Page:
Nfld. & Labrador

These N.L. crafters are making joey pouches to help injured Australian animals

Thousands of people are using their crafting prowess as a way to help injured animals in Australia, including these women on both coasts of Newfoundland.

'I was looking for a way to help ... this is kind of right up my alley,' says Amanda Young

Besides sewing pouches, Amanda Young is collecting donations to help animal rescue efforts in Australia. (Roo Roo Photography)

It's been a decade since Amanda Young visited Australia, but she felt compelled to help after seeing the fire-ravaged images and hearing about the hundred of millions of dead animals — and so she turned to her sewing machine to help.

Young is one of a dozen people in the Corner Brook area making joey pouches for Australia's injured and orphaned animals. They are used to hold baby kangaroos, called joeys, and other marsupials like a mother's pouch. 

"I was looking for a way to help and I am fairly crafty so this is kind of right up my alley," Young said.

Thousands of people across the country are putting their crafting prowess toward a good cause, including making bird and rodent nests, bat wraps, hanging pouches, blankets, animal beds and sweaters, possum and bird boxes.

Animals are near and dear to Young's heart already, as she runs Danny's Paw Prints, a pet grooming and supply business in Corner Brook.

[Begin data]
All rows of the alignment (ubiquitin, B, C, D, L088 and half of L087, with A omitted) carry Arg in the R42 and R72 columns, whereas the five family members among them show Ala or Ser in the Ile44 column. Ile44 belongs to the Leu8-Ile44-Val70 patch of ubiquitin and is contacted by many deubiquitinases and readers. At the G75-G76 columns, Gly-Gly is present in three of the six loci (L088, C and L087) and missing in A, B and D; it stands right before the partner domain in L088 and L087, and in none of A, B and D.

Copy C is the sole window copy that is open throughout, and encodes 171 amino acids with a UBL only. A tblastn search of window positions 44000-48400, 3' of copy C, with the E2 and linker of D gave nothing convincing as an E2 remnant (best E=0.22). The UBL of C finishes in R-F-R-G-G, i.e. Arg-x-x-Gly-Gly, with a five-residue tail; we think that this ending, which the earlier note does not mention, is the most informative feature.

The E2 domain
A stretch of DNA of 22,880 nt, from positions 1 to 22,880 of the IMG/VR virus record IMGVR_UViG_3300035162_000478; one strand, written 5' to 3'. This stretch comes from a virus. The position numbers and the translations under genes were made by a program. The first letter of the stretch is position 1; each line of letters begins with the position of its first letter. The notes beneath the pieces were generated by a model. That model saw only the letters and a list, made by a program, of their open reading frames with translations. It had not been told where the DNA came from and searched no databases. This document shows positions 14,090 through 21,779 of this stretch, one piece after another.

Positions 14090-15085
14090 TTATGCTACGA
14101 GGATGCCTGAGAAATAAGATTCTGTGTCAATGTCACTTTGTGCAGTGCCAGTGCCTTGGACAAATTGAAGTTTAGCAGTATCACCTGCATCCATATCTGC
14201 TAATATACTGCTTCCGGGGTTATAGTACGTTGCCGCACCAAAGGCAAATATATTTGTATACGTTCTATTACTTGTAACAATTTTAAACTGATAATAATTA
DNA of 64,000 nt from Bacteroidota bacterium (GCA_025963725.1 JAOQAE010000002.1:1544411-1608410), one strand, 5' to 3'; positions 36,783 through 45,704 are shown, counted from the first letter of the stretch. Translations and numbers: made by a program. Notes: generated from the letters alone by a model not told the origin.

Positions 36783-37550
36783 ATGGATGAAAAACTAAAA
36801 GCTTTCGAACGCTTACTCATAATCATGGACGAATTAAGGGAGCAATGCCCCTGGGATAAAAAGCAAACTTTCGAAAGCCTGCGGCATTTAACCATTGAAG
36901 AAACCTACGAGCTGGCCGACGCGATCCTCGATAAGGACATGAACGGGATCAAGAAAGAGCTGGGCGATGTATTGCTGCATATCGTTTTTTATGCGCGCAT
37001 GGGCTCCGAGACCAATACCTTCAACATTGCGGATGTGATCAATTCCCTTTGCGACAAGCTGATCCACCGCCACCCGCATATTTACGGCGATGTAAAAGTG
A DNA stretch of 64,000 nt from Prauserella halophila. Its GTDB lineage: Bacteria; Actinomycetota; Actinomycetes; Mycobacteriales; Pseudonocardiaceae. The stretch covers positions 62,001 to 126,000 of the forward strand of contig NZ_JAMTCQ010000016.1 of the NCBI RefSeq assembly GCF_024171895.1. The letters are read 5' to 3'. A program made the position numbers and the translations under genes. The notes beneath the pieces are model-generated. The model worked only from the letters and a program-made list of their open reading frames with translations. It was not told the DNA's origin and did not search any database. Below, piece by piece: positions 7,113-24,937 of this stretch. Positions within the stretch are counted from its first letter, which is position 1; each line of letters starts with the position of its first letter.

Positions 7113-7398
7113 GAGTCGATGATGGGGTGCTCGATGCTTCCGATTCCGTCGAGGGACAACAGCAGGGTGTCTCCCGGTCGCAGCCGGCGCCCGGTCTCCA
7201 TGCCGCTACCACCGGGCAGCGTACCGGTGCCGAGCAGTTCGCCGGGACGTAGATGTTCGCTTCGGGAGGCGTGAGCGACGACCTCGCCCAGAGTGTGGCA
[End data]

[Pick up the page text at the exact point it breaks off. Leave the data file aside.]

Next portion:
She isn't the only animal-lover in Newfoundland pitching in.

Amanda Sharpe is the organizer behind a group sew-in at Corner Brook's Elk's Lodge on Sunday where there will be donated fabric and extra sewing machines for people who want to join in, and no previous sewing experience is required. 

Besides organizing a group sew-in, seamstress Amanda Sharpe has started sewing joey pouches at home. (Submitted by Amanda Sharpe)

"Even if they can cut some fabric for us, we can get the process going quicker," she told CBC Radio's Newfoundland Morning.

Once they have a shipment of pouches to go, they will be sent to St. John's on Jan. 21.

Patterns and a list of approved materials are available on sites like the Canadian Animal Rescue Craft Guild or the Facebook group From Newfoundland to Australia with Love.

Hand-made joey pouches, like these ones with a Newfoundland flair, are headed to Australia to help some of the injured or orphaned animals there. (Submitted by Amanda Sharpe)

East coast crafter helping, too

St. John's crafter Jacquie Jackson is hoping businesses will step in to help. 

She said donations of natural materials like cotton or wool are welcome and while the goal is to start shipping donations soon, admits sending packages halfway around the world won't be cheap.

"We've had one local company that's come forward so far and they're going to do our first shipment for us," Jackson said. "So we're basically looking for any local company that will come forward and ship even one box for us."

As the fires continue to burn in Australia, and the need for animal care products continues, Young said she will keep crafting for the important cause.

Volunteer Sarah Price of wildlife rescue group WIRES taking care of a rescued kangaroo at her house on the outskirts of Sydney. (SAEED KHAN/AFP via Getty Images)

"It's a pretty undescribable feeling," Young said.

"You feel so heartbroken for the animals but it also feels really good to be able to do something that you know will help them." 

Read more stories from CBC Newfoundland and Labrador


Cherie Wheeler is a Corner Brook radio producer working with CBC Newfoundland Morning.

Newfoundland Morning and St. John's Morning Show